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Communities could suffer if EMT shortage continues

The Ellsworth Ambulance Service has been facing a shortage of EMTs for more than 10 years and is always looking for new people to volunteer their time to be part of this vital community service. Pictured are (from left): Advance EMT Joe Link, EMT Samantha Lutscher, Paramedic Matt Simpson, and Ellsworth EMS Director Dan Morth. File photo1 / 2
Spring Valley Ambulance Service relies on community volunteers to make their service possible and right now they are facing a shortage of EMTs. Photo courtesy of Jon Tanberg Photography2 / 2

No one wants to get hurt or need to call an ambulance, but it is a reassuring thought that a nearby ambulance service is available should you need it. However, due to increasing shortages of emergency medical technicians, ambulance services are trying to find ways to retain and get new EMTs to continue offering the best care possible.

Local ambulance services have been impacted by the EMT shortage happening around the state.

"Spring Valley Area Ambulance is currently in need of EMTs," said Bradley Jorgenson, Assistant Director of EMS of Spring Valley Area Emergency Services. "The growing need for more staff has been on-going over the past two years."

Dan Morth, director of the the Ellsworth Area Ambulance, said they have been facing a shortage of EMTs for more than 10 years.

The shortage of EMTs, Morth said, has many reasons including the amount of time people can devote to being a member of the ambulance service.

"People are leading busier lives and their circumstances are changing," Morth said.

Jorgenson agrees with Morth that some people just do not have the time to commit to being a highly skilled healthcare provider. He also believes there is a financial reason that people are not volunteering to be part of an emergency medical service.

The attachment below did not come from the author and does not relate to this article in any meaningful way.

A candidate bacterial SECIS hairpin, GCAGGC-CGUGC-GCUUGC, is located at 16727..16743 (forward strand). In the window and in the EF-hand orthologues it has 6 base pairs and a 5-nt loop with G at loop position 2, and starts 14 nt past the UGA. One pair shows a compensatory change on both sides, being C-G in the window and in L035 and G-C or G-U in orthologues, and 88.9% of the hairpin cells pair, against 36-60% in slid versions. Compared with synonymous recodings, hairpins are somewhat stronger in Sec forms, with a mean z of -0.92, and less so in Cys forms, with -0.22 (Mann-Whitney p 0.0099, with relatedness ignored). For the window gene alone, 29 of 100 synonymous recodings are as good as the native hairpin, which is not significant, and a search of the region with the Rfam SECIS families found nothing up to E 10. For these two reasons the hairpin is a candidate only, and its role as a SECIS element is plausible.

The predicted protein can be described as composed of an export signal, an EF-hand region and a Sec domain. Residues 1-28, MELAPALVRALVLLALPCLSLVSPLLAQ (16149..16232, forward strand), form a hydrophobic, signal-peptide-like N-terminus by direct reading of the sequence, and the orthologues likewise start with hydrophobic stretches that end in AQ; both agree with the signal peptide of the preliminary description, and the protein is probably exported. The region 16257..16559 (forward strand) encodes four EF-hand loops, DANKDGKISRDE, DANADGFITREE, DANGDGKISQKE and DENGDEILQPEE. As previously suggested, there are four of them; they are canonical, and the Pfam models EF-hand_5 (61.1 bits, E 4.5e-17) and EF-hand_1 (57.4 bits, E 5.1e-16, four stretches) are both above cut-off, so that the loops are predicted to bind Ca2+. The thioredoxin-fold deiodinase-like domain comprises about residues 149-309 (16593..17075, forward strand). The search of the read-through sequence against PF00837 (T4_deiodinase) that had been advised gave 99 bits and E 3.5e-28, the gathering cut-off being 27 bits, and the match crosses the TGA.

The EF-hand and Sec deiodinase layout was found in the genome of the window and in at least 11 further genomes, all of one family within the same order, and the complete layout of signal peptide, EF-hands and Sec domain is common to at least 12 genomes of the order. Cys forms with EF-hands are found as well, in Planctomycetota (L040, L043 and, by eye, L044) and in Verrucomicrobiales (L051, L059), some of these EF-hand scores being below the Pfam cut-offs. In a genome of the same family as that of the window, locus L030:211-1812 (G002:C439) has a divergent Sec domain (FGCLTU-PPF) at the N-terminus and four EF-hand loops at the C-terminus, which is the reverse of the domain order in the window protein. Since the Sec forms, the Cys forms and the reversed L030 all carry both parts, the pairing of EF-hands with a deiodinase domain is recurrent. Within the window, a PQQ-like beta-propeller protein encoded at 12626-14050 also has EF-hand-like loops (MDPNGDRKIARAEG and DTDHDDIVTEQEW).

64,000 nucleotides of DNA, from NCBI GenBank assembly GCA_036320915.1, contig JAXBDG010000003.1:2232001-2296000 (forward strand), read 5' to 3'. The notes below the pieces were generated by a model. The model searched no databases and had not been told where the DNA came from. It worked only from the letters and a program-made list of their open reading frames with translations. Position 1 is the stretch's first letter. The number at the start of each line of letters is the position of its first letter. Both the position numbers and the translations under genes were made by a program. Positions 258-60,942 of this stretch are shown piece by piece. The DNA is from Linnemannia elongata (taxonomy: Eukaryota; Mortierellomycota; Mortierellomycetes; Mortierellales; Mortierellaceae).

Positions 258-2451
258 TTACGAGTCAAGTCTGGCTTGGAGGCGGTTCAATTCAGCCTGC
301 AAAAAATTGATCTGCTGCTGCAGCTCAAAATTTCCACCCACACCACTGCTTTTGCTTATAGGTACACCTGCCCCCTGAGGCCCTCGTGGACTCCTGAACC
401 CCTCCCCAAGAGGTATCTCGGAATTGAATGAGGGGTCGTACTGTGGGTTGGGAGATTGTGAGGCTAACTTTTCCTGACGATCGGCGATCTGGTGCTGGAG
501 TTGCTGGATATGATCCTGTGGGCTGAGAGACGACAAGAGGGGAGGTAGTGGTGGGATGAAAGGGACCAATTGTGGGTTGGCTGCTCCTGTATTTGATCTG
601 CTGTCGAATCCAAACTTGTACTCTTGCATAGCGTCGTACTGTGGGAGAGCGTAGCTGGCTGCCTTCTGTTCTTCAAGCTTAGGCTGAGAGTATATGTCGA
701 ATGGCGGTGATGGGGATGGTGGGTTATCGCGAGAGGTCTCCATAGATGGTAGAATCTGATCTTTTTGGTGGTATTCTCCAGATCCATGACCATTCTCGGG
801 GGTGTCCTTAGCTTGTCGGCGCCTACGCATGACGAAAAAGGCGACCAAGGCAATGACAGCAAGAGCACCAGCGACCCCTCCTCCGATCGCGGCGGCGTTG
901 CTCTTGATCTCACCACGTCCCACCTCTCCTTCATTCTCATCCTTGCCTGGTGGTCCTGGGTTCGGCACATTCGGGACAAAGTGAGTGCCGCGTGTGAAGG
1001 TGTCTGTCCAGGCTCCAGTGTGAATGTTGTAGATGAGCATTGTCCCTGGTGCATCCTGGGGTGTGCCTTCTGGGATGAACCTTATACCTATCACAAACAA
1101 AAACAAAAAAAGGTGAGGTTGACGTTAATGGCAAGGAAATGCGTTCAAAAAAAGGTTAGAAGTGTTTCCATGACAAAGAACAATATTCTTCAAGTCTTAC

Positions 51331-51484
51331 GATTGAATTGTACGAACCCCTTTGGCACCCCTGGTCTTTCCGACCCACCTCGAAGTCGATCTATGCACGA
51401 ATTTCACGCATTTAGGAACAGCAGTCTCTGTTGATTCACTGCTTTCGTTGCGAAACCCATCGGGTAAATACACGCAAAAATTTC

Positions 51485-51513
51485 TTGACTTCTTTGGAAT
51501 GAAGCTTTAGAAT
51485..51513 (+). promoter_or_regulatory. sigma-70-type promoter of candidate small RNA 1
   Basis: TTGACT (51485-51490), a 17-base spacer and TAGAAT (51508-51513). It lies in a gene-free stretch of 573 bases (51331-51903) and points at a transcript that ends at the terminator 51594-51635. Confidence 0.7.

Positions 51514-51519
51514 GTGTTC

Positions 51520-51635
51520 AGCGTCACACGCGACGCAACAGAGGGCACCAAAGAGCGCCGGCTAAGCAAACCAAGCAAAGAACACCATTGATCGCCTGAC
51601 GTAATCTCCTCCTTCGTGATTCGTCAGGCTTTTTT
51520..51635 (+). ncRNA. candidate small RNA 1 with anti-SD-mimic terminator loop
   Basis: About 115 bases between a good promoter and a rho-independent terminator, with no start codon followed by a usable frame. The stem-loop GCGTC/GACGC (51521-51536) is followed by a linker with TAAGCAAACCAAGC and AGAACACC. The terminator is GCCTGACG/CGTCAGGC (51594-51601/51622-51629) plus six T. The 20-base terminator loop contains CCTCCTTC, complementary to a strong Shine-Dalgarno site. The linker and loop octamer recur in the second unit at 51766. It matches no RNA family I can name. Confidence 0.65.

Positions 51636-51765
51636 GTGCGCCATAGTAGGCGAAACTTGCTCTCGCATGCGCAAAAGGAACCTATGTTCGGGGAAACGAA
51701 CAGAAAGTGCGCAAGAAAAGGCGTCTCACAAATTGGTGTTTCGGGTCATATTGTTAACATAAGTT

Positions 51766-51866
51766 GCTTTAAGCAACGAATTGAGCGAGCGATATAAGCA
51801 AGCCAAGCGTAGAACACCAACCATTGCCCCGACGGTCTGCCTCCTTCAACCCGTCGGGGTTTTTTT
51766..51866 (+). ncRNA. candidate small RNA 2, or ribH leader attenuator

"The other obstacle becomes funding," Jorgenson said. "Not many people in today's society can live or raise a family on just EMS wages in our area."

Ambulance services are finding they need to come up with ways to make sure they are staffed during critical hours. Jorgenson said Spring Valley Ambulance service is now staffing the ambulance 7 a.m. to 4 p.m. Monday through Friday and have an hourly wage for the staff members working this shift. When the ambulance is needed outside of these hours they use their old system.

"After 4 p.m. we go back to our normal 'cattle call' system," Jorgenson said, "where our staff respond from their homes and everyday lives as they are available until 7 a.m."

Morth said to help find coverage on the weekends, the Ellsworth Area Ambulance Service offers incentives for people that will work those shifts. He said they offer a bonus of $100 for any member who works 36 hours from 6 p.m. Friday to midnight on Sunday. He said Ellsworth also pays an hourly wage for on call hours, while he said some ambulance services only pay their members when they are responding to a call.

The weekend bonus has really helped with weekend coverage and since they have implemented it, they have not had an issue getting weekend coverage, Morth said.